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Posts Tagged ‘vibrator’

First of all, know you’re not alone. By some estimates, as many as one in ten of us has never experienced orgasm, and among those of us who have, it happens in only about half of our sexual encounters. I’m not suggesting that makes it okay that you’re struggling; knowing the facts, though, can lessen your stress about what’s happening—or not happening.

In spite of what you see in the movies, most women—up to 80 percent—cannot have an orgasm with intercourse alone. Most women need direct stimulation of the clitoris, and the mechanics of intercourse just don’t provide that. Oral or manual stimulation of the clitoris tends to lead to orgasm, and vibrators give the kind of stimulation needed—as variety or because it’s easier. Especially as we grow older, many women need the extra stimulation a vibrator provides.

Vibrators can be for external or internal use. External vibrators (Siri, Lily, Kiri, and Isis) work extremely well for women who respond to direct clitoral stimulation. Other women like the internal stimulation of the vagina and G spot, too, for which some vibrators (Gigi, Raya, Celesse) are designed for insertion. Those vibrators can also be used externally on the clitoris. If you want the extra stimulation during intercourse, the external type will work best.

There are additional features you might think about, too; I’ve written whole blog posts on the topic. Whatever you might choose (and our most popular are the Siri and Gigi), I often recommend to women that they try self-stimulation to see what kind of touch where feels best. That, too, lessens the pressure when you’re with your partner.

Enjoy the exploration! It’s never too late to learn even more about your body.

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Yes, your vibrator or other toys are safe with estrogen creams, often prescribed for vaginal dryness.

What you’ll want to be careful of is silicone-based lubricants. Whether they’re safe to use with your vibrator depends on the materials used; silicone lubes will ruin the surface of a silicone toy. The instructions that came with your vibrator (or are available online) will usually tell you what’s safe and what’s not.

I’ve seen patients have good results with estrogen cream; hope you have the same!

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Thyroid disorders are not typically a significant factor for libido or orgasm. A bigger issue is expectations: The majority (probably at least 80 percent) of women cannot have and never have had an orgasm with intercourse alone. Most women need more direct stimulation. As we get older and in the absence of estrogen, having an orgasm without direct stimulation becomes even more difficult. It may not be realistic to expect to have an orgasm with intercourse or penetration.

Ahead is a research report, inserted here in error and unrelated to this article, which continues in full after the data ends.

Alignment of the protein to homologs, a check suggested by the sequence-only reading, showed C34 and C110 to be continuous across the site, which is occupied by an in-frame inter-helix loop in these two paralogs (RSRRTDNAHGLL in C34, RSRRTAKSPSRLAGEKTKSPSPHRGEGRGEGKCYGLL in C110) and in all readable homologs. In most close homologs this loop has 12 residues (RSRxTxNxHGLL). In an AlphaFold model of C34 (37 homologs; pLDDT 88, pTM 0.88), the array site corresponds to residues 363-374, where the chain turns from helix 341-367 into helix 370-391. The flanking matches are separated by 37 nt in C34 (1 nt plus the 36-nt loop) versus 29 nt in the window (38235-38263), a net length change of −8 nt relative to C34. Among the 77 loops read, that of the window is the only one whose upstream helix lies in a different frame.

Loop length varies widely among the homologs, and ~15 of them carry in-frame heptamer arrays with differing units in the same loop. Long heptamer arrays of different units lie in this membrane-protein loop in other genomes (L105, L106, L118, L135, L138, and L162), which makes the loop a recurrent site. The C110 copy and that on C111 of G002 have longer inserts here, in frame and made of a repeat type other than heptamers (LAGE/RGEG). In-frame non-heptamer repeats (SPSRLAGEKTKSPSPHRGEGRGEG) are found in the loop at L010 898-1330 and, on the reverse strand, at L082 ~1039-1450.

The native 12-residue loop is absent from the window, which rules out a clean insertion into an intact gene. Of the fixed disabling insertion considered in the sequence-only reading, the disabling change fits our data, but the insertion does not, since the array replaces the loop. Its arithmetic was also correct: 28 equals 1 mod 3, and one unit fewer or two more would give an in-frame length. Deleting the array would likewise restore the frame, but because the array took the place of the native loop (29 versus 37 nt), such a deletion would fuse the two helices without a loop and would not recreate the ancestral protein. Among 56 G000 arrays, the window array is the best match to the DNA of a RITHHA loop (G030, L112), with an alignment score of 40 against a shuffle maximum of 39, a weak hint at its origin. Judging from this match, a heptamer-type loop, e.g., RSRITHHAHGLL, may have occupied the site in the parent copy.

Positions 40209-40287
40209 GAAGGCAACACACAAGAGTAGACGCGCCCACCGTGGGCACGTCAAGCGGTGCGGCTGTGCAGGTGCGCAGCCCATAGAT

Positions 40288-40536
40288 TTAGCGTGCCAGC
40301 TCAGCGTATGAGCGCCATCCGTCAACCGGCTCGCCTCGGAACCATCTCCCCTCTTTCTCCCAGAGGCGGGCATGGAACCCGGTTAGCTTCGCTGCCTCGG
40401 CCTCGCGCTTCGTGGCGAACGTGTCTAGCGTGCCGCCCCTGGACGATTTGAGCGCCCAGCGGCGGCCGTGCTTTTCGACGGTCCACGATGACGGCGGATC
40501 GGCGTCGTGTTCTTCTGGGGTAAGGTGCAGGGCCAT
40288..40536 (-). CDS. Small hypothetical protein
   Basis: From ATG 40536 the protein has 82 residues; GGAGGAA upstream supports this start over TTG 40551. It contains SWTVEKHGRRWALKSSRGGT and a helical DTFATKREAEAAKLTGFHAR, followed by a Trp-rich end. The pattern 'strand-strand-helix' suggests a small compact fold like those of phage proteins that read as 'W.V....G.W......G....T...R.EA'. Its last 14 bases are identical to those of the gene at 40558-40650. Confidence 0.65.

A vibrator can be a great addition for that direct stimulation. You might want to try one with a warming lubricant, and see what happens! The Emotional Bliss vibrators (Womolia and Femblossom)  have more intense stimulation than some others on the market. I have seen some amazing results from women who hadn’t had an orgasm in years because of medications that interfere with orgasm or medical conditions that make orgasm more difficult. They were successful using these products, so give it a try and good luck!

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Part 3 of 3

Shopping for vibrators can be fun, and really very interesting. These devices come in many configurations and with many options, because, well, we’re all different. What one woman or couple likes and needs can be a real turnoff for the next.

While my partners and I shopped for the collection we offer at our online store, we kept these factors in mind:

Size and Shape
Vibrators come in sizes and shapes destined for specific as well as general use. You will find mini vibrators great for clitoral and prostate stimulation. These small devices may fit in the palm of your hand or strap to a finger (especially good for making love in the dark).

There are larger clitoral vibrators shaped to cup the clitoris and labia. These can be combined with a dilator or dildo, used during intercourse, or used on their own to help stimulate vulvo-vaginal tissues.

Midsized vibrators are often wand-shaped for vaginal and g-spot stimulation. Large women find these useful for the reach they provide, and they can also provide leverage for women who have difficulty with hand strength.

Massagers are dual use devices, used for vulvar stimulation as well as massaging muscles anywhere in the body (really!). Attachments for these devices can transform them into vaginal and g-spot stimulating wonders.

Power
Older women generally need more power, both a stronger vibration and a longer session time. For that reason, rechargable batteries or plug-in devices are usually a better bet than disposable battery-operated devices.

Materials
Hard plastics and stainless steel are easy to clean. Look for materials that are guaranteed to be phthalate-free. Silicone surfaces are wonderfully warm to the touch, with a skin-like feel. They clean up with soap and water or with cleaners made especially for sex aids, but owners need to be careful not to use them with silicone-based lubricants. Some manufacturers now use anti-microbial plastics, medical-grade materials formulated to discourage bacterial growth.

Heat Feature
Vibrators that warm up before and during use are great for those of us who flinch from the cold